Resurrection, part 1

I had been a preacher for roughly one month. I had never yet been called to the hospital late at night, but that January night I got dressed around bedtime to go sit with a man I had never met because his wife, who I had also never met, was in the emergency room.

It was her fortieth birthday. She and her husband had been out celebrating over dinner, and returned to the house to settle in for the night. She had been complaining of a headache for most of the day, but had enjoyed her birthday, none-the-less. But, as she prepared for bed in her bathroom, she began vomiting violently and then passed out. Her husband called an ambulance, they rushed her to the hospital, and that was how I found the situation.

I was not sure what I could do or say for the husband who waited to hear about his wife, so I just prayed with him. And waited with him. Until the EMT who responded to the call, and who was also a friend of this middle-aged couple, came into the waiting room to tell this anxious husband that is wife died on her birthday from an unexpected and unavoidable aneurysm.

I was asked to perform the funeral. I had only ever preached fake funerals in preaching class in school. This was, to put it mildly, entirely different. But, I met with the husband, son, and other family, and I did my best to get them talking about the wife, sister, and mother they had lost. I don’t really know much about counseling or grief, but I knew that I needed all the information I could get if I was going to preach a funeral for a woman I had never met.

The day of the funeral came, and the pews filled up. Close to five hundred people arrived to remember a woman who had been incredibly involved in her community. And I certainly felt incredibly inadequate.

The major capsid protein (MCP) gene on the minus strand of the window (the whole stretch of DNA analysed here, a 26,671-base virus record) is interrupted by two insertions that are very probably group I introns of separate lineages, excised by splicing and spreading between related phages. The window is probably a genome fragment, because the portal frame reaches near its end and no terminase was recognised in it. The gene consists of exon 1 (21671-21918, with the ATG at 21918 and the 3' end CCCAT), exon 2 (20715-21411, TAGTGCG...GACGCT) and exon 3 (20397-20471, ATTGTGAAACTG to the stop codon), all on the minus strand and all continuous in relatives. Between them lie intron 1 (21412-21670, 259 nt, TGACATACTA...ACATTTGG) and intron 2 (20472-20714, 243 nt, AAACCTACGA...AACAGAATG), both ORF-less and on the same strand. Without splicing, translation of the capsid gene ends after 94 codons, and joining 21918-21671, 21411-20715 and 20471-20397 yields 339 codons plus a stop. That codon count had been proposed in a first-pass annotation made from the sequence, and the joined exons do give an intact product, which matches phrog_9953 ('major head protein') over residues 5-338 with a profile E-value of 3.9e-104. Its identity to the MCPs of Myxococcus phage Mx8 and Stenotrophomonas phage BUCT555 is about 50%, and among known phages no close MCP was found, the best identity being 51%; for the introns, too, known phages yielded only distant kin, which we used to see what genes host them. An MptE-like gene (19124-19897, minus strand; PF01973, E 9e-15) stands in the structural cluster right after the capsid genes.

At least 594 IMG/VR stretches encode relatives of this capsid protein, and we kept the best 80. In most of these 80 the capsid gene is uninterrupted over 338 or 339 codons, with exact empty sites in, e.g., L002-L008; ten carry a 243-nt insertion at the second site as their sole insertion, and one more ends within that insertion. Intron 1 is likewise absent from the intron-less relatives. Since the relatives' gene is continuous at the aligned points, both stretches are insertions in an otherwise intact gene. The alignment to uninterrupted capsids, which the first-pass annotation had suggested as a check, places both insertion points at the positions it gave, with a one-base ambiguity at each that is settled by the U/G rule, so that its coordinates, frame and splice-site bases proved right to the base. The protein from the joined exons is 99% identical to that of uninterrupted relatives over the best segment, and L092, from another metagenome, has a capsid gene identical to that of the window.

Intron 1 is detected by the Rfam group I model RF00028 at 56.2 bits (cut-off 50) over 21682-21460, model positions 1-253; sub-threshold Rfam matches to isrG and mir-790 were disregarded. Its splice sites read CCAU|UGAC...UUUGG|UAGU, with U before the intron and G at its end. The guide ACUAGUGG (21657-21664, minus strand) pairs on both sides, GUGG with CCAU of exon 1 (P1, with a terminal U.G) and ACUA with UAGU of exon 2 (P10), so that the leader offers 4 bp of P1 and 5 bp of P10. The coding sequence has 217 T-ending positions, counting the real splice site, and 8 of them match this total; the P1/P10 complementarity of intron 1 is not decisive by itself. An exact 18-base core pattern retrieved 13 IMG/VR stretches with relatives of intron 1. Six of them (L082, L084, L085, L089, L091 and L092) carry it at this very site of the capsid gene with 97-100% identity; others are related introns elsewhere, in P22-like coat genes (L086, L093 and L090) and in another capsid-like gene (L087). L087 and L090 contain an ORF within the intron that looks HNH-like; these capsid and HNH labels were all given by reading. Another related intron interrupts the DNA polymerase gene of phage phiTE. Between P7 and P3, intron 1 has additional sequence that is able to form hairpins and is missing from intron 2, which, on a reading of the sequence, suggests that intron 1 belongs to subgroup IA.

I don’t remember much of what I said, and it probably didn’t matter. People were there to cry, seek comfort, and question why. No preacher has words to truly relieve the pain.

I stood at the head of the casket for what seemed like hours, but had to be at least forty five minutes as friends and family streamed by to say good bye to a woman they would miss very much.

And I don’t know the state of this woman now. I don’t know about her relationship with God. All I know is the favorable memories passed to me for the purpose of a funeral. But, I do know that death, and all the mourning and pain that it brings, is not entirely pointless.

We are made to live, not die. But, as things work now, we must all die to truly live. And God will fix that discrepancy, that historic problem, by bringing all of His faithful followers back to a new and everlasting life. He already fixed the problem by bringing His Son back to life. And that is what Easter is all about.

Go on to part 2.


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